$$x' = y, y' = -x$$

with initial conditions $x(0) = 1, y(0) = 0$ has the unique solution $\left[ \begin{array}{cc} x \\ y \end{array} \right] = e^{\mathbf{J}t} \left[ \begin{array}{cc} 1 \\ 0 \end{array} \right]$. On the other hand, the above equations tell us that $x'' = -x$ and $y'' = -y$, and we know that the solutions to this differential equation are of the form $a \cos t + b \sin t$ for constants $a, b$. By matching initial conditions we in fact find that $x = \cos t, y = \sin t$. Now verify that on vectors multiplying by $\mathbf{J}$ has the same effect as multiplying a complex number by $i$, and you obtain Euler's formula.

This proof has the following attractive physical interpretation: a particle whose $x$- and $y$-coordinates satisfy $x' = y, y' = -x$ has the property that its velocity is always perpendicular to and has proportional magnitude to its displacement. But from physics lessons you know that this uniquely describes particles which move in a circle.

Another way to interpret this proof is as a description of the exponential map from the Lie algebra $\mathbb{R}$ to the Lie group $\text{SO}(2)$. Euler's formula generalizes to quaternions, and this in turn can be thought of as describing the exponential map from the Lie algebra $\mathbb{R}^3$ (with the cross product) to $\text{SU}(2)$ (which can then be sent to $\text{SO}(3)$). This is one reason it is convenient to use quaternions to describe 3-d rotations in computer graphics; the exponential map makes it easy to interpolate between two rotations.

Edit: whuber's answer reminded me of the following excellent graphic.

This is what is happening geometrically in whuber's answer, and is essentially what happens if you apply Euler's method to the system of ODEs I described above. Each step is a plot of the powers of $1 + \frac{i}{N}$ up to the $N^{th}$ power.

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Is there the possibility of circular logic here? You are using too many cannons... one of which might well require the result you are trying to prove. – Aryabhata Aug 28 '10 at 18:43
@Moron: everything I said requires only real-variable techniques except the last step, which is trivial. In particular one can show that the solutions to x'' = -x are linear combinations of sine and cosine directly; this doesn't require the theory of the characteristic polynomial, if that's what you're thinking of. I would appreciate if you could be more specific. – Qiaochu Yuan Aug 28 '10 at 19:16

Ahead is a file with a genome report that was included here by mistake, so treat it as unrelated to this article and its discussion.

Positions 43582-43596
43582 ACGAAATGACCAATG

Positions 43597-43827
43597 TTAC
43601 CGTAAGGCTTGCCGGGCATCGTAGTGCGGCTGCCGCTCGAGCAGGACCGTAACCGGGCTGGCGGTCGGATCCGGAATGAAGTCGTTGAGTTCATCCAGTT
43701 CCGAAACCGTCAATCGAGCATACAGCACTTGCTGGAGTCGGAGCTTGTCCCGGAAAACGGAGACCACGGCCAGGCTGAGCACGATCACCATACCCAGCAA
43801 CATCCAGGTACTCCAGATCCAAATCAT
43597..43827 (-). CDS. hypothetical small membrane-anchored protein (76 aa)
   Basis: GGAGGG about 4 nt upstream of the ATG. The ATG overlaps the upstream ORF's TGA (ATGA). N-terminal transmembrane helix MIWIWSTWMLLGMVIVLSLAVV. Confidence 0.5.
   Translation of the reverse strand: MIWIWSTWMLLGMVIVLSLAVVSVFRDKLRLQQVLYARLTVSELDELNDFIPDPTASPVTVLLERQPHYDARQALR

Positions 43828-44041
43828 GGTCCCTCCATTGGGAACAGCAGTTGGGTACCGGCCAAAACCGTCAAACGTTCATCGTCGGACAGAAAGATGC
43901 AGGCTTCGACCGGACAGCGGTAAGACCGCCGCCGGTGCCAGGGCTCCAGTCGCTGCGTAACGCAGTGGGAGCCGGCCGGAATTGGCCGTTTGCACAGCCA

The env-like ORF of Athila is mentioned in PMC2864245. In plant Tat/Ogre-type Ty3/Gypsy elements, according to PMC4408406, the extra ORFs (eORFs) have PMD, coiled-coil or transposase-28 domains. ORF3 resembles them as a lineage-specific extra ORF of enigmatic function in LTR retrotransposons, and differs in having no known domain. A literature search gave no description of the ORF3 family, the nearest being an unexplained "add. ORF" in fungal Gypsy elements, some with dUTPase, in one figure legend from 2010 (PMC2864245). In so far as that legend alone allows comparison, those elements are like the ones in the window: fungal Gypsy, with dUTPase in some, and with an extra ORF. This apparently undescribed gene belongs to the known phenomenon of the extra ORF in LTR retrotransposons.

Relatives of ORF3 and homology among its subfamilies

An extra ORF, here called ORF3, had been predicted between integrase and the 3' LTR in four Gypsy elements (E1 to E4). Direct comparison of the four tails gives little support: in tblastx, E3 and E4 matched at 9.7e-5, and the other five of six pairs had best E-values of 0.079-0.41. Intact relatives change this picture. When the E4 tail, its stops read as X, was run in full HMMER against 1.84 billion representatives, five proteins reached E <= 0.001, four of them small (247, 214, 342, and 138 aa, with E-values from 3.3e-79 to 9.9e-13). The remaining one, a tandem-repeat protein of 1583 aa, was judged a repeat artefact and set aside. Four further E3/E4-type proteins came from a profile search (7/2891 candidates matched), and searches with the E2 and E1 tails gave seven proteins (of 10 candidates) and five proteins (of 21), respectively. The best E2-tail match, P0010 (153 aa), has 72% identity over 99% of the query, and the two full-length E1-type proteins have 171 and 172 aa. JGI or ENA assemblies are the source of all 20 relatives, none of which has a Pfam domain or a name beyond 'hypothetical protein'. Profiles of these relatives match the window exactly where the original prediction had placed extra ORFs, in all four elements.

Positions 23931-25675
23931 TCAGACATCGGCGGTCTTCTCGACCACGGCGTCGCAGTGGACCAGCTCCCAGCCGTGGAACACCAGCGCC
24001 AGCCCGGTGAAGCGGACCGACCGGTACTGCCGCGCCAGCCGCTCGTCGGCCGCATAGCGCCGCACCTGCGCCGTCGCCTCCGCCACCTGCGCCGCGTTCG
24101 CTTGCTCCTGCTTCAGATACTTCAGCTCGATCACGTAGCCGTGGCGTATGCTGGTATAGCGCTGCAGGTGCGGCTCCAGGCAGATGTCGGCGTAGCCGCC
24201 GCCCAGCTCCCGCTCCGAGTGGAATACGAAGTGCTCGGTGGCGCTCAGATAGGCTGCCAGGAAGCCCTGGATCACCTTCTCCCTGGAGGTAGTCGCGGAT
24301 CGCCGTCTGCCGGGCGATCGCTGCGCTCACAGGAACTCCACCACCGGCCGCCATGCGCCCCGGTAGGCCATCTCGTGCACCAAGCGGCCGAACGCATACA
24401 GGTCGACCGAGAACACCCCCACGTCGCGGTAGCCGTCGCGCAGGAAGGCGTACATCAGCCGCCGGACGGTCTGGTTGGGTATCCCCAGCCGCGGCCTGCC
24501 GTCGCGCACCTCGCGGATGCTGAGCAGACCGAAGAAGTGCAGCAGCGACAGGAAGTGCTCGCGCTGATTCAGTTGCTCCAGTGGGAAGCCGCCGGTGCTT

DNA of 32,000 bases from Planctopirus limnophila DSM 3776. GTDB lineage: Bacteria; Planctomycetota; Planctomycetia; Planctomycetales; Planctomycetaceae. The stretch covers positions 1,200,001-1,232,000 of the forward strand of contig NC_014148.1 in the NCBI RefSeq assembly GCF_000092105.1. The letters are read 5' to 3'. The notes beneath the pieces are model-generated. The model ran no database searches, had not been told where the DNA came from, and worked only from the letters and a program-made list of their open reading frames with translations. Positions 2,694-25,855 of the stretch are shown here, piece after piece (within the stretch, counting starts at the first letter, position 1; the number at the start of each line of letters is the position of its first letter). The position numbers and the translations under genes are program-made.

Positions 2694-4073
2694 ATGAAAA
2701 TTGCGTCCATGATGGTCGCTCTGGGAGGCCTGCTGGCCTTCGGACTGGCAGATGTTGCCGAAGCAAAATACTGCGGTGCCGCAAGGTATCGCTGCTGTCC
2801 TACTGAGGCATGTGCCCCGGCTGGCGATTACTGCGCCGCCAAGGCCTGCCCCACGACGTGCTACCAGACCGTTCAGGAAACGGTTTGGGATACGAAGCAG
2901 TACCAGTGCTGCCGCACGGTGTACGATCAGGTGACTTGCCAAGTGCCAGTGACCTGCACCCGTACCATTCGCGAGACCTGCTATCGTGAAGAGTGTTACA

@Qiaochu: I was just wondering if there could be a case of circular logic. I had nothing specific in mind. Euler's formula is quite a fundamental result, and we never know where it could have been used. I don't expect one to know the proof of every dependent theorem of a given result. But anyway, you seem to have justification, so I won't bother you :-) – Aryabhata Aug 29 '10 at 7:22
Thank you for the graphic! – whuber Aug 29 '10 at 14:37
@Moron: the principal part of Qiaochu's answer--namely, that Euler's formula can be understood as the exponential map from R to SO(2)--is a modern way of expressing the elementary construction described in my answer. An advantage of the modern approach is its far reach, as hinted at by the application to SU(20; a possible disadvantage is that to the uninitiated it appears to obscure the basic geometric idea. But there's no "circular logic." – whuber Aug 29 '10 at 15:07

One could provide answers based on a wide range of definitions of $\exp$, $\cos$, and $\sin$ (e.g., via differential equations, power series, Lie theory, inverting integrals, infinite sums, infinite products, complex line integrals, continued fractions, circular functions, and even Euclidean geometry) as well as offering Euler's formula up as a tautology based on a definition. But let's consider where in one's education this question arises: it's usually well before most of these other concepts are encountered. The complex numbers have just been introduced; the Argand diagram is available; $\exp(x)$ is most likely defined as the limiting value of $(1 + x/n)^n$, and $\cos$ and $\sin$ are defined as circular functions (that is, as arclength parameters for coordinates of the unit circle). So the question deserves a response in this context using mathematics accessible to someone at this level.